With the San Diego Chargers on the verge of announcing their plans for a downtown stadium and convention center, a key roadblock to the plan could be moving toward being cleared.
According to a report that first surfaced on San Diego’s local NBC affiliate KNSD-TV on Saturday, the Chargers were targeting as early as Tuesday afternoon to reveal their $1.8 billion proposal, which would advance the process of getting the plan on the ballot for a public vote in November.
In what is being called a “Convadium,” the Chargers’ plan calls for a downtown stadium just east of Petco Park, home of the Padres, combined with expansion of a convention center in the East Village section of the city. The ballot initiative would call for a hotel tax hike to 16.5 percent to help fund the project, as well as roughly $650 million put up by Chargers owner Dean Spanos and the National Football League.
According to KNSD’s Derek Togerson, the stadium/convention center plan is more than just about finding a new, permanent home for the Chargers in San Diego. Next week, JMI Realty, which is working with the Chargers on the stadium project, is expected to release plans for a new West Campus for San Diego State University, which includes a stadium project for the Aztecs’ football team and the possibility of luring a Major League Soccer expansion team.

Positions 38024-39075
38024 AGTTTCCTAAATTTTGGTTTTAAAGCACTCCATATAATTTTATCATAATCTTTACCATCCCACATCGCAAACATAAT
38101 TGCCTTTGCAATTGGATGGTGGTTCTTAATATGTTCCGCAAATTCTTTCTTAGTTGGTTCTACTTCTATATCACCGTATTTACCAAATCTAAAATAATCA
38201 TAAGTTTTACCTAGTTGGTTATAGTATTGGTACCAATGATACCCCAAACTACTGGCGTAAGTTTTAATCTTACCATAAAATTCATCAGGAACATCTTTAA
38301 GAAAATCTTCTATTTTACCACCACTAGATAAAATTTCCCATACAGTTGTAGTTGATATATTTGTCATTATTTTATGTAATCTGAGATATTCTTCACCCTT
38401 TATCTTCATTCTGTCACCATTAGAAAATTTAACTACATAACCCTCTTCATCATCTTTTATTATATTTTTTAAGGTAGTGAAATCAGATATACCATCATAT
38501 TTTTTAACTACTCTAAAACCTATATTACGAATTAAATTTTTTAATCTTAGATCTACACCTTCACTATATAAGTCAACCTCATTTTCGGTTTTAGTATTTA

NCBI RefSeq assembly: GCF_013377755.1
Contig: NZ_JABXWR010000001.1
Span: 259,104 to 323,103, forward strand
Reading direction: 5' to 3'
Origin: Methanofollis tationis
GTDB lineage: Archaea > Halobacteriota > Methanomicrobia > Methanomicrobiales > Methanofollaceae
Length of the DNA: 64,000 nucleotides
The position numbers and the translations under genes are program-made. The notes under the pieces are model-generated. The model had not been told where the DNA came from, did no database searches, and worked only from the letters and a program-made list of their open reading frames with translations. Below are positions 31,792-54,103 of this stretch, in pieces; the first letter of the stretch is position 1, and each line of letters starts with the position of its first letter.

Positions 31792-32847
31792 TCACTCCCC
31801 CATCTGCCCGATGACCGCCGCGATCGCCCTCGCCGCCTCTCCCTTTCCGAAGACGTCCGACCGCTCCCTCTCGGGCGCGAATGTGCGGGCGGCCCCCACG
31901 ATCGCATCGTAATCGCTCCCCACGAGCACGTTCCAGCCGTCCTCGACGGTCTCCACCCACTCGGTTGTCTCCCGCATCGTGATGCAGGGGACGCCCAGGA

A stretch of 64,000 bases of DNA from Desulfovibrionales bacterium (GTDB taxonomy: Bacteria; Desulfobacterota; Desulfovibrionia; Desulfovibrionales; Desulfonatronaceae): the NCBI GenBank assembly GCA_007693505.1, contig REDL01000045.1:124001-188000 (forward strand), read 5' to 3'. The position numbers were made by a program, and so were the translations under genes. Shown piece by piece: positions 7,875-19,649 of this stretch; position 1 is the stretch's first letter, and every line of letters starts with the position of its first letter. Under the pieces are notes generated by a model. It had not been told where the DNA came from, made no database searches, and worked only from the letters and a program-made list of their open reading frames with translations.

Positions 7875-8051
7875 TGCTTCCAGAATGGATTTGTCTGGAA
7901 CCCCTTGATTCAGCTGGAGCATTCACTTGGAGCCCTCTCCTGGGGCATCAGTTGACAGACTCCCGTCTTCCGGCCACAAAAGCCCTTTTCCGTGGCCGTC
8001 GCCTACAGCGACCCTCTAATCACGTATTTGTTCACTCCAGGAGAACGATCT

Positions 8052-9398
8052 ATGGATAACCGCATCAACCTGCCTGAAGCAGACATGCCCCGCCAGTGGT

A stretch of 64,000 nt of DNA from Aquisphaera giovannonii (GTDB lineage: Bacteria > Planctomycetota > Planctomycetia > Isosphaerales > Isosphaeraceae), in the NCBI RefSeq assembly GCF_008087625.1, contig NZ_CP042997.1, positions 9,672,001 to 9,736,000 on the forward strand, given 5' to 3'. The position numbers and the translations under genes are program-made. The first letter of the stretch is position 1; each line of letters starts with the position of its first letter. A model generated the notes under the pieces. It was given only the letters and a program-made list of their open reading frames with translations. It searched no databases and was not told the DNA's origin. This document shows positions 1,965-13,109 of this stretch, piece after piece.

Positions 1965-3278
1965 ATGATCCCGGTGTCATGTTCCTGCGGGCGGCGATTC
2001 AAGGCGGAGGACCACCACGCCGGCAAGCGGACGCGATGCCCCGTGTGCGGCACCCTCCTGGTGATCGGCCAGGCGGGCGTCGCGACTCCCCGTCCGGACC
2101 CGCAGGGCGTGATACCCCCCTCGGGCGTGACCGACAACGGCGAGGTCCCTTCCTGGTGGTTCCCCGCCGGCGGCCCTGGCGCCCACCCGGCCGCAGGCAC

The site of this new stadium? The Mission Valley site that hosts Qualcomm Stadium, the current, outdated home of the Chargers.
But none of this stadium domino effect can take place without a critical contribution from San Diego’s Metropolitan Transit System (MTS). Currently, an eight-arce bus lot sits squarely inside the 15-acre stadium project site, a seemingly immovable object, both physically and bureaucratically.
But according to a report in Monday’s San Diego Union-Tribune, the MTS has indicated in a recent letter from General Counsel Karen Landers to Spanos that they are willing to negotiate a sale of the critical piece of land.
“MTS has no desire to impede or delay a convention center/stadium joint use facility project if the local community supports it,” Landers wrote in the letter first obtained by Voice of San Diego. “However, MTS must maintain its transit mission and its fiduciary responsibility to use its resources for public transit purposes. We believe that early collaboration and resolution of these important issues is the best way to ensure that the MTS board is able to support your project and agree to a negotiated sale of the (bus yard) property.”
But even if a sale were expedited quickly, the MTS estimates it would take 5-7 years to move the bus yard, which consists of a maintenance station for 180 buses and a management site, meaning the stadium project would likely not begin until roughly 2021, and would not be completed until 2023.
“Siting and constructing a new bus maintenance facility will require significant time and money because of the complications related to finding eight to 10 acres of industrial land near the downtown core with good ingress/egress, environmental and social justice reviews required by state and federal law, and competitive bidding requirements,” Landers said.
Chargers Special Counsel Mark Fabiani told the Union-Tribune on Monday that the team has not yet responded to the MTS letter.”We are focused on finalizing the initiative,” Fabiani said. “We will be in touch at some point (after) the initiative is published.”